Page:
Get the Greatest Benefit from Your Programmable Thermostat

Part 2 of 3 in the ENERGY STAR series.

  • Install your thermostat away from heating or cooling registers, appliances, lighting, doorways, fireplaces, skylights and windows, and areas that receive direct sunlight or drafts. Interior walls are best.
  • Keep the thermostat set at energy-saving temperatures for long periods of time, such as during the day when no one is home and at bedtime.
  • Set the “hold” button at a constant energy-saving temperature when going away for the weekend or on vacation.
  • Resist the urge to override the pre-programmed settings. Every time you do, you use more energy and may end up paying more on your energy bill.
  • Use a programmable thermostat for each zone of your house if you have multiple heating and cooling zones. This will help you maximize comfort, convenience, and energy savings throughout the house.
  • Change your batteries each year if your programmable thermostat runs on batteries. Some units will indicate when batteries must be changed.

If you have a heat pump, you may require a special programmable thermostat to maximize your energy savings year-round. Talk to your retailer or contractor for details before selecting your thermostat.

If you have a manual thermostat, you can adjust the temperatures daily before you leave the house and when you go to sleep at night. Typically, adjusting temperatures 5 – 8 degrees (down in winter, up in summer) can help save energy if you are going to be away from home for several hours.

Ducts are used to distribute conditioned air throughout houses with forced-air heating and cooling systems. In typical houses, about 20 percent of the air that moves through the duct system is lost due to leaks, holes, and poorly connected ducts. The result is an inefficient HVAC system, high utility bills, and difficulty keeping the house comfortable, no matter how the thermostat is set.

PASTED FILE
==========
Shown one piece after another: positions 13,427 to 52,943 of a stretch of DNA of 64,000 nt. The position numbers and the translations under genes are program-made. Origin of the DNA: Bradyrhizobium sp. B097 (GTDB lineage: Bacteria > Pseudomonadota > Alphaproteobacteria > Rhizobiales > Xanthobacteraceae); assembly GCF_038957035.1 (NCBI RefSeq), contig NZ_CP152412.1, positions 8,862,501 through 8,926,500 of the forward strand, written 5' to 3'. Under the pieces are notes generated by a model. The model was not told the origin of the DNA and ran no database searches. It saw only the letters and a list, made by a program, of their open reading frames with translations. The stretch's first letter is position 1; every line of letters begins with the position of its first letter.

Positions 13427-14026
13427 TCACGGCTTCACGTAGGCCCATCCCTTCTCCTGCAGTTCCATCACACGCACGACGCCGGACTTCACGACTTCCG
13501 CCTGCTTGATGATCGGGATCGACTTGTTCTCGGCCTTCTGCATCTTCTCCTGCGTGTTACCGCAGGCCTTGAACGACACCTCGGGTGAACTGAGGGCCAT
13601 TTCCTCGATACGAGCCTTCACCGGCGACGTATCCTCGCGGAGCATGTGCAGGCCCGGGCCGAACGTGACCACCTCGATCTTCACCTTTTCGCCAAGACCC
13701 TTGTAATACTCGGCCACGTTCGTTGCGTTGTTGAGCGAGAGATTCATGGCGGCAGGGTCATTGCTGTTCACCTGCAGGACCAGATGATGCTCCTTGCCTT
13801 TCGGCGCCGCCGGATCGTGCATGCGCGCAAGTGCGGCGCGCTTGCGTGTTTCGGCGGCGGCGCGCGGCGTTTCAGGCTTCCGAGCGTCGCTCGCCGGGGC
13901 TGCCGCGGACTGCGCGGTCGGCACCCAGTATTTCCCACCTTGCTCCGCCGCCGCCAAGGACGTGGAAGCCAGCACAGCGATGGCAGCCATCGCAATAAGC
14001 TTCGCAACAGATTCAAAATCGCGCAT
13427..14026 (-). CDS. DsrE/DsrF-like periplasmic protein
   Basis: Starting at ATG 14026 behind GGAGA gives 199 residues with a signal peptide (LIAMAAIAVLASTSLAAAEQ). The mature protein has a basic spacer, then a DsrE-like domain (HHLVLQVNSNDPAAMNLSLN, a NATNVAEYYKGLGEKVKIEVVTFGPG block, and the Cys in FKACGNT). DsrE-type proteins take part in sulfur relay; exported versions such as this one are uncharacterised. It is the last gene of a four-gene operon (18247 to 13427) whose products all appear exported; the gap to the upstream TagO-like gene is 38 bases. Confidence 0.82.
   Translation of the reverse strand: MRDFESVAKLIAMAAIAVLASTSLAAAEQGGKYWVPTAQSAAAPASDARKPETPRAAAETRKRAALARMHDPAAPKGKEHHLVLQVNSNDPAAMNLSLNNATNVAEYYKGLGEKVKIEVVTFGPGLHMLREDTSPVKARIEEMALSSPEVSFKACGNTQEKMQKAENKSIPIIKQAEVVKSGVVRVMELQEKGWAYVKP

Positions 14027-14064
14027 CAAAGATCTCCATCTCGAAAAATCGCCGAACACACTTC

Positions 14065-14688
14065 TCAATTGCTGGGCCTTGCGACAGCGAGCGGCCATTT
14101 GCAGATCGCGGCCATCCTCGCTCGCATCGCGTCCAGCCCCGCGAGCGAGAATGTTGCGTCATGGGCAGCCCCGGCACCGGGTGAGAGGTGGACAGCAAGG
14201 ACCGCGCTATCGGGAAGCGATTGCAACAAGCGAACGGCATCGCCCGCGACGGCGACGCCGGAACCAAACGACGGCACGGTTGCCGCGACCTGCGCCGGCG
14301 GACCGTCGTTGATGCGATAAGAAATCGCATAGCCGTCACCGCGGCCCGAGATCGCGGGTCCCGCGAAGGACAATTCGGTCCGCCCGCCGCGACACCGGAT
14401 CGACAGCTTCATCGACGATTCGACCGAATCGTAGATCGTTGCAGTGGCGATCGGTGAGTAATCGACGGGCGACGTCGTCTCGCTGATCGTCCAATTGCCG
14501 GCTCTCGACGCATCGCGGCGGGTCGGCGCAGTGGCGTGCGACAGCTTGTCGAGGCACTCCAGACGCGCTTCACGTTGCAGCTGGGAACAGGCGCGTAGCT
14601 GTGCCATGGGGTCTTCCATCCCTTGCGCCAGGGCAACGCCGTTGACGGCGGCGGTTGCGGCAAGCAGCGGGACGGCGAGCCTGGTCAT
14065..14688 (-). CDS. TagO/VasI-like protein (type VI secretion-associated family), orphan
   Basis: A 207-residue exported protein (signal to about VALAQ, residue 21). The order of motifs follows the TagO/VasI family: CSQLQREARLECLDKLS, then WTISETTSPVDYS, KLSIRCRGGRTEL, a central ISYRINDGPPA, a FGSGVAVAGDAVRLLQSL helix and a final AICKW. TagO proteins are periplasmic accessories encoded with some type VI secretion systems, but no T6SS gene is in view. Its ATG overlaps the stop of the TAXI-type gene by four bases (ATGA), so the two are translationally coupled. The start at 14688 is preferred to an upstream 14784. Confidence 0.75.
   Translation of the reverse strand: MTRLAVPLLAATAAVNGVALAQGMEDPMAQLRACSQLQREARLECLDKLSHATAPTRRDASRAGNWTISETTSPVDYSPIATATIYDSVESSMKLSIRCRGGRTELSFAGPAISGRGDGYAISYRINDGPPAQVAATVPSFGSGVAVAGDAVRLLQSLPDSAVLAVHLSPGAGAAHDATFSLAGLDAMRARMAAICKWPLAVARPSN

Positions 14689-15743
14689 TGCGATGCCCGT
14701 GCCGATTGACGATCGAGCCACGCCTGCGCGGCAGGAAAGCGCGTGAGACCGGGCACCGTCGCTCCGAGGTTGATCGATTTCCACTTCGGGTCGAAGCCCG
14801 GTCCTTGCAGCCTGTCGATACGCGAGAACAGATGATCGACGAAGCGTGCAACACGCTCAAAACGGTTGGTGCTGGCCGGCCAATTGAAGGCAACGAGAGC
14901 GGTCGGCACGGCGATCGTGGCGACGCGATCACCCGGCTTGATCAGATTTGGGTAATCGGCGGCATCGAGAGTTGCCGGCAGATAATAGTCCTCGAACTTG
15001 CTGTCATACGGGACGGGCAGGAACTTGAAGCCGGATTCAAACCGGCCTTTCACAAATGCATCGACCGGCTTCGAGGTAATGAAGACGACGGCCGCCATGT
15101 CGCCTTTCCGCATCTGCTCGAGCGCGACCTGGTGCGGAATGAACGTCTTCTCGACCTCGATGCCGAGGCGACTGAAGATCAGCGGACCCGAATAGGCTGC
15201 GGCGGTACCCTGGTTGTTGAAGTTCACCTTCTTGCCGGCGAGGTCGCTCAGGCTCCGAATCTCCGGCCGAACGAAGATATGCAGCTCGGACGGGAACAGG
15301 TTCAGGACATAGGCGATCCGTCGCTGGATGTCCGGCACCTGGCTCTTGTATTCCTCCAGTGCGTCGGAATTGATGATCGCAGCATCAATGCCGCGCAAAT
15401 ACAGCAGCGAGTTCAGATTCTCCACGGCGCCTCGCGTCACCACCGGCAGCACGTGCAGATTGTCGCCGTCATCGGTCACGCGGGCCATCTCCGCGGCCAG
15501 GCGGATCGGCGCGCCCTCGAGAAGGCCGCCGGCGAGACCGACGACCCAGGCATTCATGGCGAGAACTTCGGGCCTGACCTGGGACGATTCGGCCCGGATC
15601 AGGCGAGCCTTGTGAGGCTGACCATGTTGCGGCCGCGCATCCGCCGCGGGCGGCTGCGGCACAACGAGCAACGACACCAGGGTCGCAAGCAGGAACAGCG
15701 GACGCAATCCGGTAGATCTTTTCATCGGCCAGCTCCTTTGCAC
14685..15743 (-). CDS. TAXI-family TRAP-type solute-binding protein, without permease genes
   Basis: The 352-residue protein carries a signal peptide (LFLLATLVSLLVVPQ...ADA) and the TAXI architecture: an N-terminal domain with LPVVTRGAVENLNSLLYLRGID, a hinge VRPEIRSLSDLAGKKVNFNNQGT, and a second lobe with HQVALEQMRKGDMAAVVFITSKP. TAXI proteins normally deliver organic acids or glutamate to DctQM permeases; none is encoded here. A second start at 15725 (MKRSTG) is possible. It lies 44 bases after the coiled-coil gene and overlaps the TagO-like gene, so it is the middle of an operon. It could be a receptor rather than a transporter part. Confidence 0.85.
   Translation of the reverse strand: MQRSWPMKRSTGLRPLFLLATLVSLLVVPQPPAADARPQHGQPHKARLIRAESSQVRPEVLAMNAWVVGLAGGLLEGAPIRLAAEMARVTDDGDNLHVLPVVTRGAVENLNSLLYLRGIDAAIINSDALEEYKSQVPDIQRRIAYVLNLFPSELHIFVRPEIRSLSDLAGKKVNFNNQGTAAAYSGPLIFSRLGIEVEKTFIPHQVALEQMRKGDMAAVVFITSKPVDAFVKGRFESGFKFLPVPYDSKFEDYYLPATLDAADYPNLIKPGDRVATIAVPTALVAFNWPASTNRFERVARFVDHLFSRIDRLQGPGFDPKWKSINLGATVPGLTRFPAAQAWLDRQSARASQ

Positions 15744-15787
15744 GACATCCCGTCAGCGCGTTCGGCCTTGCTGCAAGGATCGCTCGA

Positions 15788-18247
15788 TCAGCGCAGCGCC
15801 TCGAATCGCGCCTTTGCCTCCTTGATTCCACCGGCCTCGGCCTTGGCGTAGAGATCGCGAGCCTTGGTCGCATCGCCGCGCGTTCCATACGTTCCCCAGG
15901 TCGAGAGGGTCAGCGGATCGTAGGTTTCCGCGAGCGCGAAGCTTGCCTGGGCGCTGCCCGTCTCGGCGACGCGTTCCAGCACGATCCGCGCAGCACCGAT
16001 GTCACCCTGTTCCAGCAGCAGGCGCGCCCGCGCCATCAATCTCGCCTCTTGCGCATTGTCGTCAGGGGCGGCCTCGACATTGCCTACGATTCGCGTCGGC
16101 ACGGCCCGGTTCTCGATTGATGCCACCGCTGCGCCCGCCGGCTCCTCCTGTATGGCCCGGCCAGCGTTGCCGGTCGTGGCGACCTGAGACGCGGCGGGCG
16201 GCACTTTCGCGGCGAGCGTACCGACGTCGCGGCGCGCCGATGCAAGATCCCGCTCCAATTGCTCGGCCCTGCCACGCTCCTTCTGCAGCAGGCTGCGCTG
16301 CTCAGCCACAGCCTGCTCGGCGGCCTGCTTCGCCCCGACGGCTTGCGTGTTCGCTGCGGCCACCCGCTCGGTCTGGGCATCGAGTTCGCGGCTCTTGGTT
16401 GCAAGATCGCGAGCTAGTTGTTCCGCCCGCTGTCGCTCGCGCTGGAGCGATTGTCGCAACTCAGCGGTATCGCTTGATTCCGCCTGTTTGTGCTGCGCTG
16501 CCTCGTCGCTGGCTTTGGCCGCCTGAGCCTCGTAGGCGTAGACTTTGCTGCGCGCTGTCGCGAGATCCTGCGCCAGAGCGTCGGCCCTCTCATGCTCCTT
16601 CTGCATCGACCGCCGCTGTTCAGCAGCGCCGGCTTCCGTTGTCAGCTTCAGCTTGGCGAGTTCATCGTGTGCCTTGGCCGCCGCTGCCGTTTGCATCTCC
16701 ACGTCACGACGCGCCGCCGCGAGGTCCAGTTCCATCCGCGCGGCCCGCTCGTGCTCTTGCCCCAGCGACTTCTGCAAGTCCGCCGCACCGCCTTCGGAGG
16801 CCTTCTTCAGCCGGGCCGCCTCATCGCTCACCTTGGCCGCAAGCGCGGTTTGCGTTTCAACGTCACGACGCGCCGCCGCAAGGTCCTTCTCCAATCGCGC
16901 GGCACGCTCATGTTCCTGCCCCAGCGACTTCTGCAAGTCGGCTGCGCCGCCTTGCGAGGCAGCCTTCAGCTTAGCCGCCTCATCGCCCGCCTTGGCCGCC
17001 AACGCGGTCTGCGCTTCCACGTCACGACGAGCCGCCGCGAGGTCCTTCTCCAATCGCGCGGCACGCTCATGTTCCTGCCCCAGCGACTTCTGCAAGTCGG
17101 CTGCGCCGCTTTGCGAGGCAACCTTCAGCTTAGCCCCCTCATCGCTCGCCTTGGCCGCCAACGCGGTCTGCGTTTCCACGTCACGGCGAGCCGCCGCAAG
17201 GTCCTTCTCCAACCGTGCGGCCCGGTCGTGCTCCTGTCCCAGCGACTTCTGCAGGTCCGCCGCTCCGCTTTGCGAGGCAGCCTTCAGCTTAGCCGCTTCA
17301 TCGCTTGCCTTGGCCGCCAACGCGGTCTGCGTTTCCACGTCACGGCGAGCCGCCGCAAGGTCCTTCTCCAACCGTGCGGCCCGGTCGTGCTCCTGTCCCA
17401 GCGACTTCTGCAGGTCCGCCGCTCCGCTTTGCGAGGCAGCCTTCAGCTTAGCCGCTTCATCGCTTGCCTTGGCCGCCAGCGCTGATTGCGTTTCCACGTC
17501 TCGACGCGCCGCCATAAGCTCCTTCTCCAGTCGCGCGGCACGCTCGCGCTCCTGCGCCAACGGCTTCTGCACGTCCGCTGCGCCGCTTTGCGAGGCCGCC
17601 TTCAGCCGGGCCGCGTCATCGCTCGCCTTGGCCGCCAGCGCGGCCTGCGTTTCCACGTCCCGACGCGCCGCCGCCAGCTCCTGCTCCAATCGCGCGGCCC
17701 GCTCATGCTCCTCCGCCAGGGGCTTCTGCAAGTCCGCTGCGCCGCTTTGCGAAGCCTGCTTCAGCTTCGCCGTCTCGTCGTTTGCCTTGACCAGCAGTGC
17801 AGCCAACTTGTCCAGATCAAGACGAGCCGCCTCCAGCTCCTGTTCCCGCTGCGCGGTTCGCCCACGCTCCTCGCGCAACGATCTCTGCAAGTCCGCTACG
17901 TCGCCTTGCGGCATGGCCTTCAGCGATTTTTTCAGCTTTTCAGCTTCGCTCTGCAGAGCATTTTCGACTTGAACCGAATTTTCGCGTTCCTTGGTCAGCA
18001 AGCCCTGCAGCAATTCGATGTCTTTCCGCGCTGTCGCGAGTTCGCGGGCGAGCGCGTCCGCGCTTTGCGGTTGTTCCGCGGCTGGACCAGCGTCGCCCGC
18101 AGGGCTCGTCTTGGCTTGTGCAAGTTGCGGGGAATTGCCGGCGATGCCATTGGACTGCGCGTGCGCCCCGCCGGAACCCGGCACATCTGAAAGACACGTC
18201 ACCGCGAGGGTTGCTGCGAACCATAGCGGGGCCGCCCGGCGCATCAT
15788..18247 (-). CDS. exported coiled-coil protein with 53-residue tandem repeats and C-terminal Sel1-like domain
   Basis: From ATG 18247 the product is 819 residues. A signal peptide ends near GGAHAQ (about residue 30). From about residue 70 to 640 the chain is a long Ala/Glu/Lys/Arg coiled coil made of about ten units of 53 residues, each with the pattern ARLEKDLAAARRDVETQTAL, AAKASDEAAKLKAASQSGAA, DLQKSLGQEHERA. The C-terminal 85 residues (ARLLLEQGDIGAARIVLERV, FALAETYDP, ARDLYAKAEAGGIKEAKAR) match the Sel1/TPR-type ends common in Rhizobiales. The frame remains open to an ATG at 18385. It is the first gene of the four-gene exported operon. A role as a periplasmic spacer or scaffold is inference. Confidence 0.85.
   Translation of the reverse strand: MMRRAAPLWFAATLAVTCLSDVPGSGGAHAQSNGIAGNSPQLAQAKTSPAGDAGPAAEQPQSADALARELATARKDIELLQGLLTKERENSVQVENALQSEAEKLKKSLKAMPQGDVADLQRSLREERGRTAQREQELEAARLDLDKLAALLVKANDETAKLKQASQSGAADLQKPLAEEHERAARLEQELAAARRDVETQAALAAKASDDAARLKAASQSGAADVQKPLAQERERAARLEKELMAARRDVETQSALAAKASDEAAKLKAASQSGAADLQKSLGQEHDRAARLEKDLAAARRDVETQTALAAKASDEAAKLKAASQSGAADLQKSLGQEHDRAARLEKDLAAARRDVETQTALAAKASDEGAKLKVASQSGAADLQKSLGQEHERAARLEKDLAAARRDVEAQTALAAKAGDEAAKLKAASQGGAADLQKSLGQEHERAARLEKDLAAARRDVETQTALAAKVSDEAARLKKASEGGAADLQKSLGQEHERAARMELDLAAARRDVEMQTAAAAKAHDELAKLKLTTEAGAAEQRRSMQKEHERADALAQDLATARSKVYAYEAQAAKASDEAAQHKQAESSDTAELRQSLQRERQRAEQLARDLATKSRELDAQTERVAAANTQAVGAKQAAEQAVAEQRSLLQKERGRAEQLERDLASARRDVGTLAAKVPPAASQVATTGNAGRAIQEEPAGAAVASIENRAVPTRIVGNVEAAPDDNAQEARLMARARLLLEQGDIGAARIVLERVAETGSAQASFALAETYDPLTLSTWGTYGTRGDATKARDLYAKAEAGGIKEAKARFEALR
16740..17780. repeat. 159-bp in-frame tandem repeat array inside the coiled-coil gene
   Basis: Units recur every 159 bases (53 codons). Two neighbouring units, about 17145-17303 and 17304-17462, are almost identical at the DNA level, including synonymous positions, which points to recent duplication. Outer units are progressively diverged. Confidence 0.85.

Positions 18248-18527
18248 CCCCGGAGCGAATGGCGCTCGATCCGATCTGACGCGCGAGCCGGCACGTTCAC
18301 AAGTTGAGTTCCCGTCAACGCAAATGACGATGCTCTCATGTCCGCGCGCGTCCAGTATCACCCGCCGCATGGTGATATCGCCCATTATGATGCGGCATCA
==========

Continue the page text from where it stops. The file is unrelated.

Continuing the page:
Seal Your Heating and Cooling Ducts

Ducts are used to distribute conditioned air throughout houses with forced-air heating and cooling systems. In typical houses, about 20 percent of the air that moves through the duct system is lost due to leaks, holes, and poorly connected ducts. The result is an inefficient HVAC system, high utility bills, and difficulty keeping the house comfortable, no matter how the thermostat is set.

Simple Steps to Improving Duct Performance

Because ducts are often concealed in walls, ceilings, attics, and basements, repairing them can be difficult. But there are things that you can do to improve duct performance in your house.

Start by sealing leaks using mastic sealant or metal (foil) tape and insulating all the ducts that you can access such as those in the attic, crawlspace, basement, or garage. Never use ‘duct tape,’ as it is not long lasting.

Also make sure that the connections at vents and registers are well sealed where they meet the floors, walls, and ceiling. These are common locations to find leaks and disconnected ductwork.

Working with a Contractor

Many homeowners choose to hire a professional contractor for duct improvement projects. Most heating and cooling contractors also repair ductwork. Look for a contractor who will:

  • Inspect the whole duct system, including the attic, basement, and crawlspace (if you have these).
  • Evaluate the system’s supply and return air balance. Many systems have air return ducts that are too small.